Parkland Survivors Confess On ‘Ellen’: They Are Terrified To Be Back In School – Loud Noise Causes Panic

Posted on Mar 23 2018 - 8:31pm by admin

Survivors of the Parkland school massacre revealed on ‘Ellen’ that it’s been a struggle to return to their classrooms after 17 of their classmates and teachers were gunned down by Nikolas Cruz. Loud noises send them into ‘panic mode.’

Returning to class, following the deadly attack at the Marjory Douglas Stoneman High School was a “necessary thing to do,” Delaney Tarr, 17, said as she and Sam Zeif, 18, joined Ellen DeGeneres, 60, during the March 22 episode of the Ellen show. “Even if it’s really hard for us to go back, being there, being teenagers, being high schoolers, even if it’s just those fleeting seconds where you still get to feel like how you used to, you get to feel normal, those are the things that, I think, we need to treasure and to keep doing.”

Despite the efforts to get back to normal, both Sam and Delaney said it’s hard to overcome the trauma of experiencing the Feb. 14 massacre that left 17 of the friends dead. “If there’s a textbook that falls off a desk, the whole class jumps,” Sam says, while Delaney added that “every loud noise, fire alarms, everything slightly reminiscent of that day sends me into a panic mode. It sends all of us into a panic mode.”

During the conversation, Sam spoke about how he lost his best friend, Joaquin Oliver, 17, and how his family dealt with the loss. Delaney also weighed in on how she and the rest of the survivors aren’t really activists, but their efforts to implement gun control reform is a way for them to greave their loss. The two also spoke about meeting with President Donald Trump, 71, and the March For Our Lives event, happening in Washington D.C. (and across the world) on March 24.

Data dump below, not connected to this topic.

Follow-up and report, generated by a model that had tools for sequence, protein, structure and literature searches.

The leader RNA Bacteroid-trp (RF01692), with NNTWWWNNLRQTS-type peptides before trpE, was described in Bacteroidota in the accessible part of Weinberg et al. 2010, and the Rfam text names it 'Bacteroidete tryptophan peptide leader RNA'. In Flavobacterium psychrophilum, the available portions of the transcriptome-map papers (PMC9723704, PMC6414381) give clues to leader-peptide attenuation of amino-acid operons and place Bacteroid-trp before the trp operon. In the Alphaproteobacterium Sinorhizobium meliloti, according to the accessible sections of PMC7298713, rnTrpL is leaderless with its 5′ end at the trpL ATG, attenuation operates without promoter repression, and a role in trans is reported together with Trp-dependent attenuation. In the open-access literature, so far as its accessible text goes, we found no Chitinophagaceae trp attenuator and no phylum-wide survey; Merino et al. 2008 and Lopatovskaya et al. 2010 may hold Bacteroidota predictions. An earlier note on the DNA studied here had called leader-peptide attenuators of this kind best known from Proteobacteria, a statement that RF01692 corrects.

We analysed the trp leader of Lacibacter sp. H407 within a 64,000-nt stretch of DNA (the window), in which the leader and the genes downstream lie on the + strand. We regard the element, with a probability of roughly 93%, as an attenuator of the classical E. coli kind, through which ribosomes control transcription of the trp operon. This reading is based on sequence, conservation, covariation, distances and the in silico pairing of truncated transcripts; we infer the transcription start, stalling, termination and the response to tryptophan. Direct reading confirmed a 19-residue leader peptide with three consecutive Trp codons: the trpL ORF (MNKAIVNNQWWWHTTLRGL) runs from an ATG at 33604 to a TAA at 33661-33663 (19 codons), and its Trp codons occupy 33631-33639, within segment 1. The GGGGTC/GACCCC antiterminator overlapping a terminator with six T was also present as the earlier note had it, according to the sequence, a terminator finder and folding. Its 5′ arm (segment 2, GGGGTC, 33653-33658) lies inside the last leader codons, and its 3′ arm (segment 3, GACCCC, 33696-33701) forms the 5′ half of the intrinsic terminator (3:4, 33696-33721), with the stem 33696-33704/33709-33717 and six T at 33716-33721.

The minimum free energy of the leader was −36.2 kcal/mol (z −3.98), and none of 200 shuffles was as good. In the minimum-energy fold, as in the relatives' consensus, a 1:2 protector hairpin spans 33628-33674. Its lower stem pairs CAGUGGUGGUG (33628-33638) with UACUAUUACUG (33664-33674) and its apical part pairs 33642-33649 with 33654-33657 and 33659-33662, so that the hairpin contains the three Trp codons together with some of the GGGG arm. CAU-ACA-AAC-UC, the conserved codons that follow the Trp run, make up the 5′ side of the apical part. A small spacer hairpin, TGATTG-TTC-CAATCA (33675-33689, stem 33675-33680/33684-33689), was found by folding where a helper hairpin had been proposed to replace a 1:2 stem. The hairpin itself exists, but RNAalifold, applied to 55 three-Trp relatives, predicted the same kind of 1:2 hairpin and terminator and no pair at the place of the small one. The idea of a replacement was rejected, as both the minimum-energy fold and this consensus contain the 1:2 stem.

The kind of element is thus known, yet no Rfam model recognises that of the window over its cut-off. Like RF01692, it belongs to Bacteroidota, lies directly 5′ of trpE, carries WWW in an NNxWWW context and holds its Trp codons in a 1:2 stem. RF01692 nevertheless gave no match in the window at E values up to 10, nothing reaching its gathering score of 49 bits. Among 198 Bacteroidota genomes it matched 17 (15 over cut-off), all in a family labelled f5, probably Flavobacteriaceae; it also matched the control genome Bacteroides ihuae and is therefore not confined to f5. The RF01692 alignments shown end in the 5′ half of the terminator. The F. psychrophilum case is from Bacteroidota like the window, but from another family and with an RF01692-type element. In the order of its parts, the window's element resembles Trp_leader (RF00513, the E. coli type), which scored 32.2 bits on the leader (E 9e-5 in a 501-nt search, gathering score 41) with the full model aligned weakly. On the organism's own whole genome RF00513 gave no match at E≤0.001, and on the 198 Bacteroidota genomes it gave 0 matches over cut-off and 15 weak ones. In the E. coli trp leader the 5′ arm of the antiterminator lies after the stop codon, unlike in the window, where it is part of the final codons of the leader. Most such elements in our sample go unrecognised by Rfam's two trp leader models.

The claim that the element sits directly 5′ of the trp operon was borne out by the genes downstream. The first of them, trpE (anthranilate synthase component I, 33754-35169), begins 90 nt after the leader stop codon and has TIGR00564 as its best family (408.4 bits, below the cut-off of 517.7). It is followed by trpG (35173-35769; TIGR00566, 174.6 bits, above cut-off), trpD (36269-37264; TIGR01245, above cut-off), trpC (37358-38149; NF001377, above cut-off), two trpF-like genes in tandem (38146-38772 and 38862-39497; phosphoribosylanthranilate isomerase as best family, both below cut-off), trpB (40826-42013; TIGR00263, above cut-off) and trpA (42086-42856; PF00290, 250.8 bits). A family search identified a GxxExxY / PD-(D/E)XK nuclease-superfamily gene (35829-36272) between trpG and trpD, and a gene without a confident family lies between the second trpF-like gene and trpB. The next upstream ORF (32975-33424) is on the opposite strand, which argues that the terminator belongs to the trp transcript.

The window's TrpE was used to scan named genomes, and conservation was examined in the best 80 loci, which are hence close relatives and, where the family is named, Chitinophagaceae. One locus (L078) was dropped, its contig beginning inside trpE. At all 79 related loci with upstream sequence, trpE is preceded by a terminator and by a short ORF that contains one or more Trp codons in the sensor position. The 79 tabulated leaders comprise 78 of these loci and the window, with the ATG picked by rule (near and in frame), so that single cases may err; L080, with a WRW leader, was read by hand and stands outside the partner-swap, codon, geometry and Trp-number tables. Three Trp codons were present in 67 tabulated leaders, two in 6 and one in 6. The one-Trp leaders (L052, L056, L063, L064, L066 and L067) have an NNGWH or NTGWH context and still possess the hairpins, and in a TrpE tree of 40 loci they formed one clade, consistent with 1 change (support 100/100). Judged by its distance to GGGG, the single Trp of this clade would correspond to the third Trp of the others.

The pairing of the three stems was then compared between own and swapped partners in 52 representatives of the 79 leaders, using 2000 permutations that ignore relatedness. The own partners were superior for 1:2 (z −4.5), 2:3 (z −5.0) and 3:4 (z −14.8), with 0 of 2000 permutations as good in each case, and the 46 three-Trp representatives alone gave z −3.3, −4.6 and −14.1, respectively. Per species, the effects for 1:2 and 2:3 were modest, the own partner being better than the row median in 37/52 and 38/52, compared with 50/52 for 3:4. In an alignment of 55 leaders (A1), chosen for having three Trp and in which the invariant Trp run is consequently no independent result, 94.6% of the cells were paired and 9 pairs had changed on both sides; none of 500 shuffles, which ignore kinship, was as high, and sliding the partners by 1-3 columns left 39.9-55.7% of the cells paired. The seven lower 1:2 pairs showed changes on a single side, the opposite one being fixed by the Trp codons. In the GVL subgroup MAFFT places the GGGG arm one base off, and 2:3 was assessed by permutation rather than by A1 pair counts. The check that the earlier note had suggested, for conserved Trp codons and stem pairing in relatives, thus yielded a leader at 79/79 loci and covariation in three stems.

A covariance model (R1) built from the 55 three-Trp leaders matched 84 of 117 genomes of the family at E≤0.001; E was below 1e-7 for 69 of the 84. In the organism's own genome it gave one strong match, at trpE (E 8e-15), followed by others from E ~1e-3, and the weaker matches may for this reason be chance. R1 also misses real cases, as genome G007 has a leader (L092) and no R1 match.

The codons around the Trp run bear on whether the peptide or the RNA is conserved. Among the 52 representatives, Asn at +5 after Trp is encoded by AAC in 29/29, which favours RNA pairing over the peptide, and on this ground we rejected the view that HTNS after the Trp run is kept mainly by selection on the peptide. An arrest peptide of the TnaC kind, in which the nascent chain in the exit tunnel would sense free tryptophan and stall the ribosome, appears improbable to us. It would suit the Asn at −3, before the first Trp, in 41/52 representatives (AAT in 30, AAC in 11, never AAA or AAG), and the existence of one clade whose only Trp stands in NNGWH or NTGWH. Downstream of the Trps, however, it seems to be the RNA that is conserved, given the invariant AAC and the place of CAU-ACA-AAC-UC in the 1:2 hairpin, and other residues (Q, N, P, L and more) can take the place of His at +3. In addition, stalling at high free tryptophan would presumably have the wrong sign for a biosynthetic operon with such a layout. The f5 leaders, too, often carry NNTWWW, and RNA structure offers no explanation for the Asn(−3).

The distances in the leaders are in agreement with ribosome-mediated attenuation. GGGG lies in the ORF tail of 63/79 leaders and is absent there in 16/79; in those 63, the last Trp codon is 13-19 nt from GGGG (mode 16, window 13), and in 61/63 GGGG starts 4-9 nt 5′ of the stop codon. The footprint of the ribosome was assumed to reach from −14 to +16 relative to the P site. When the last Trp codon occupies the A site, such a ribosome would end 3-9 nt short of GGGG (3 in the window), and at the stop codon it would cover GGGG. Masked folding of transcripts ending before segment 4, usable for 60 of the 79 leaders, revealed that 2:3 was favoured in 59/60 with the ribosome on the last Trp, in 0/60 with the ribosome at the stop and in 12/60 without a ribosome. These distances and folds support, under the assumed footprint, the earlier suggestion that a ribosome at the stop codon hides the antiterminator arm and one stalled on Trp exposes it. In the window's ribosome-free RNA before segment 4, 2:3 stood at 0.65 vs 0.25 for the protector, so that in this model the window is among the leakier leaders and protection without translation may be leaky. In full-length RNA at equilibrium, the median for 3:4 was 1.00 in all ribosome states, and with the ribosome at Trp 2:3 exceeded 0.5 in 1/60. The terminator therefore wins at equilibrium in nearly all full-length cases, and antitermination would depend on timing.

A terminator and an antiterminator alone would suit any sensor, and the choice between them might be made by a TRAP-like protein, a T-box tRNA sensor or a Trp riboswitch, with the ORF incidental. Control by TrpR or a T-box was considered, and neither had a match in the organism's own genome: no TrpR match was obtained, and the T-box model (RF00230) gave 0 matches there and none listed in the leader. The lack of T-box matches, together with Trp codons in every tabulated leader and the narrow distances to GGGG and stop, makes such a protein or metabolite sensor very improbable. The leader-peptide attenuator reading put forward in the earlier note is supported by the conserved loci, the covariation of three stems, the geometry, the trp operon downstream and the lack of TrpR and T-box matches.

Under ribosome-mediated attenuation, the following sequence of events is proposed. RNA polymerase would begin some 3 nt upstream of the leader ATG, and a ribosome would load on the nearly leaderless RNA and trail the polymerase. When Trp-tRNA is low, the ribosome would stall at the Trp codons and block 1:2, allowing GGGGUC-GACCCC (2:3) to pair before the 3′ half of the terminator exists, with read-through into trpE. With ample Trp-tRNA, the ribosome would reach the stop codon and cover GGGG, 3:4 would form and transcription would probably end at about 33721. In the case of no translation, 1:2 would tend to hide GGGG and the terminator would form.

More than 500,000 protesters are expected for the anti-gun-violence rally in D.C., according to the Washington Post. There will be more than 800 satellite events, as millions of people will take to the streets, demanding for change to prevent any more students from being mowed down inside their schools.

Ahead of the event, Barack and Michelle Obama sent a letter of encouragement to the Parkland survivors, commending them for their dedication to the cause. “Not only have you supported and comforted each other, but you’ve helped awaken the conscience of the nation, and challenged decision-makers to make the safety of our children the country’s top priority,” the former first couple said. “We have no doubt you are going to make an enormous difference in the days and years to come.”

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